Twenty-five years ago, as the baseball Cardinals headed toward the National League championship, the football Cardinals opened their last season in St. Louis.
Both franchises received spectacular years from players named Smith.
Shortstop Ozzie Smith batted a team-high .303 with 40 doubles and 43 stolen bases, leading the baseball Cardinals to the 1987 pennant, St. Louis’ third in six years. Smith also led NL shortstops in fielding percentage (.987) and won the Gold Glove Award.
Wide receiver J.T. Smith led the NFL in receptions (91) and receiving yards (1,117) and was third in touchdown catches (eight), helping the football Cardinals showcase one of the most potent attacks during the 1987 season.
With the opening of the 2012 NFL season near, we devote this post to the 25th anniversary of the 1987 St. Louis football Cardinals. Coached by Gene Stallings, they averaged 24.1 points per game, allowed an average of 24.5 points per game and finished 7-8 (tied with the Cowboys and Eagles for second place in the NFC East) before moving to Arizona the following year.
J.T. Smith, quarterback Neil Lomax and running back Stump Mitchell made the ’87 football Cardinals an entertaining, if not a championship-caliber, club. Lomax led the NFL in passing yards (3,387) and completions (275) and was third in touchdown passes (24). Mitchell rushed for 781 yards and made 45 receptions.
On Sept. 13, while David Cone and the Mets were beating the baseball Cardinals, 4-2, at Shea Stadium to move within 2.5 games of first-place St. Louis in the NL East, the football Cardinals opened the regular season with a 24-13 victory over the Cowboys at Busch Stadium II.
Lomax threw a pair of touchdown tosses to wide receiver Roy Green, and a defense led by ends Freddie Joe Nunn and Curtis Greer held to one touchdown a fearsome Dallas offense that featured quarterback Danny White and running backs Herschel Walker and Tony Dorsett. It was the first time Lomax and Green had combined for more than one touchdown pass since 1984, The Sporting News reported. Boxscore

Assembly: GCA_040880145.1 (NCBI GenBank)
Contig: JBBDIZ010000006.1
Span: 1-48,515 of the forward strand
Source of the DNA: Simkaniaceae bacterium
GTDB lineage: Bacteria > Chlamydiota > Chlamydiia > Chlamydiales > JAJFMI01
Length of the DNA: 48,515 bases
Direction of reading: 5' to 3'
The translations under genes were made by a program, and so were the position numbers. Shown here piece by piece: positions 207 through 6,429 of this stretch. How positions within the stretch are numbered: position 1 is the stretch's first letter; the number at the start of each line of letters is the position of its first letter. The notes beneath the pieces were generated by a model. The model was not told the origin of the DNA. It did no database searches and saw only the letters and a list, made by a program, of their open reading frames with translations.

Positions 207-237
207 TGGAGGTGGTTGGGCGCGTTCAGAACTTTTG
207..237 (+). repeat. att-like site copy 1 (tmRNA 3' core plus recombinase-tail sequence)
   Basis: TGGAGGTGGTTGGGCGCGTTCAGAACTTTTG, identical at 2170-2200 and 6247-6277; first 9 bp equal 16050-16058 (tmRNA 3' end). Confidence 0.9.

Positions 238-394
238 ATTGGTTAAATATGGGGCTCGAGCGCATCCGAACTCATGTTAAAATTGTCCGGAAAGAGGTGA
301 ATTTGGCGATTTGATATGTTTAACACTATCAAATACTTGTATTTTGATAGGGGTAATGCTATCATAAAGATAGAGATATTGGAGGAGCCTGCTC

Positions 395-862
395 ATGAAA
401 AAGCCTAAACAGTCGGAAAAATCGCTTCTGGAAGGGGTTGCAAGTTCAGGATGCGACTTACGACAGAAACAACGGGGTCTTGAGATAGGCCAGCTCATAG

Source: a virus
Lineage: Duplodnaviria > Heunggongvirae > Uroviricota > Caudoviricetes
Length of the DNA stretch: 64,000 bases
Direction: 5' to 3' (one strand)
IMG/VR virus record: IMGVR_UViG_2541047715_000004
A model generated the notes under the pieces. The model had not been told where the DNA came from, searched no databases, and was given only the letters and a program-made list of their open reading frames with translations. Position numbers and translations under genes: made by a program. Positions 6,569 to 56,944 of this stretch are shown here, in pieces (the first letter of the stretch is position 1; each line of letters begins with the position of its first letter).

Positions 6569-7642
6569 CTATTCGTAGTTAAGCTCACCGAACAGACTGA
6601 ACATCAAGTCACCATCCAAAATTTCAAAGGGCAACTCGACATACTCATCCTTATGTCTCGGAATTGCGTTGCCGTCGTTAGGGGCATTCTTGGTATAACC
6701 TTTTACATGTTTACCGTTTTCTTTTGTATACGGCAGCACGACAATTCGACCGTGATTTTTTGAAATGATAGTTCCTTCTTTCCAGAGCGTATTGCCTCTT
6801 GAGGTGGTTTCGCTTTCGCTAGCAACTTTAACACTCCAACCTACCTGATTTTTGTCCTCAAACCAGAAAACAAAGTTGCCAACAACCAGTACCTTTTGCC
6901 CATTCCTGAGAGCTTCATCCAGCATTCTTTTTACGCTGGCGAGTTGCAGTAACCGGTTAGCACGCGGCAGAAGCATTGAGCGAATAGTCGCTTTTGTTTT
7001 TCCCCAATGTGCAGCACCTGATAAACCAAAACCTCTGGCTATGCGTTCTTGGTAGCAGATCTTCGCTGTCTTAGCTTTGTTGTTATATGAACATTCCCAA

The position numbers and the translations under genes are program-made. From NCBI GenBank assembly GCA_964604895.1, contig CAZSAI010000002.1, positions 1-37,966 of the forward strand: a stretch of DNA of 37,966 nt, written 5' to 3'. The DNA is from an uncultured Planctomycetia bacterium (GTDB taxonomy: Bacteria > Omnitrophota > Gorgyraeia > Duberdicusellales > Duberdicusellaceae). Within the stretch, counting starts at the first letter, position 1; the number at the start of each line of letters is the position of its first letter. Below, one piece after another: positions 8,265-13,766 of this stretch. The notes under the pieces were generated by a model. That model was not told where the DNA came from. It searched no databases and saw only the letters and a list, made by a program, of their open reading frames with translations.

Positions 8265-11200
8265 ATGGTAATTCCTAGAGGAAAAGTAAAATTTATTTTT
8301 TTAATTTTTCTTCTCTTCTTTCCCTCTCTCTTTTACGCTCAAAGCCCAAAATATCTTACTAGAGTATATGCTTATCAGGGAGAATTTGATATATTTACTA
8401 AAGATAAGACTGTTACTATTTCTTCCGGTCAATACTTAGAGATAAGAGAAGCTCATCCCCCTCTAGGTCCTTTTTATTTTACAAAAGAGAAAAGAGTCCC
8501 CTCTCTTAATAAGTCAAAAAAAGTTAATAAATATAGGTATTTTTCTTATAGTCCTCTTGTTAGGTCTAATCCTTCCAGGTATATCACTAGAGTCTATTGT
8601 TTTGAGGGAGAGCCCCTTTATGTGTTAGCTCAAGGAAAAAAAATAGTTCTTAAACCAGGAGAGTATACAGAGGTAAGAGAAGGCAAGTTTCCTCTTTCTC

The football Cardinals split their first four games, then lost three in a row. They spent the rest of the season trying to get back to the .500 mark while reports circulated that team owner Bill Bidwill was looking to shift the franchise to Phoenix, Baltimore or Jacksonville.
On Dec. 13, two months after the baseball Cardinals had defeated the San Francisco Giants in Game 7 of the NL Championship Series, the football Cardinals defeated the New York Giants, 27-24, in their home finale before 29,623 at Busch Stadium II.
Vai Sikahema returned a punt 76 yards for a touchdown, sparking the Cardinals to a 27-10 lead against a Giants team coached by Bill Parcells and defensive coordinator Bill Belichick and featuring quarterback Phil Simms.
Mitchell rushed for 111 yards, the first time since 1985 that a running back (Eric Dickerson) had gained 100 yards against the Giants. “Our offensive line just knocked them around,” Lomax told The Sporting News. Boxscore
Bidwill was unhappy with the 54,000-seat capacity of Busch Stadium II. Still, it was uncertain whether Cardinals fans had witnessed the franchise’s final game at St. Louis. Reported The Sporting News:
Bidwill was still investigating the possibility of moving while local businessmen were preparing a final proposal aimed at convincing him to stay.
For the fifth time since it first appeared the team would leave, Bidwill was surrounded by security people during the game and sat in the box of the visiting owner.
As quarterback Neil Lomax left the field, fans waved to him and Lomax waved back. He said, “If we’re leaving, I was waving goodbye. If we’re staying, I was waving hello.”
Bidwill appeared upbeat. “It was a great crowd,” he said. “The team played well and the crowd really responded. I was delighted.”
Two weeks later, Dec. 27, 1987, the St. Louis football Cardinals played their last game. The Cowboys beat them, 21-16, at Dallas behind two touchdown runs by Herschel Walker. Boxscore
In mid-January, Bidwill annunced he was moving the franchise to Phoenix, ending the football Cardinals’ 28-year stay in St. Louis.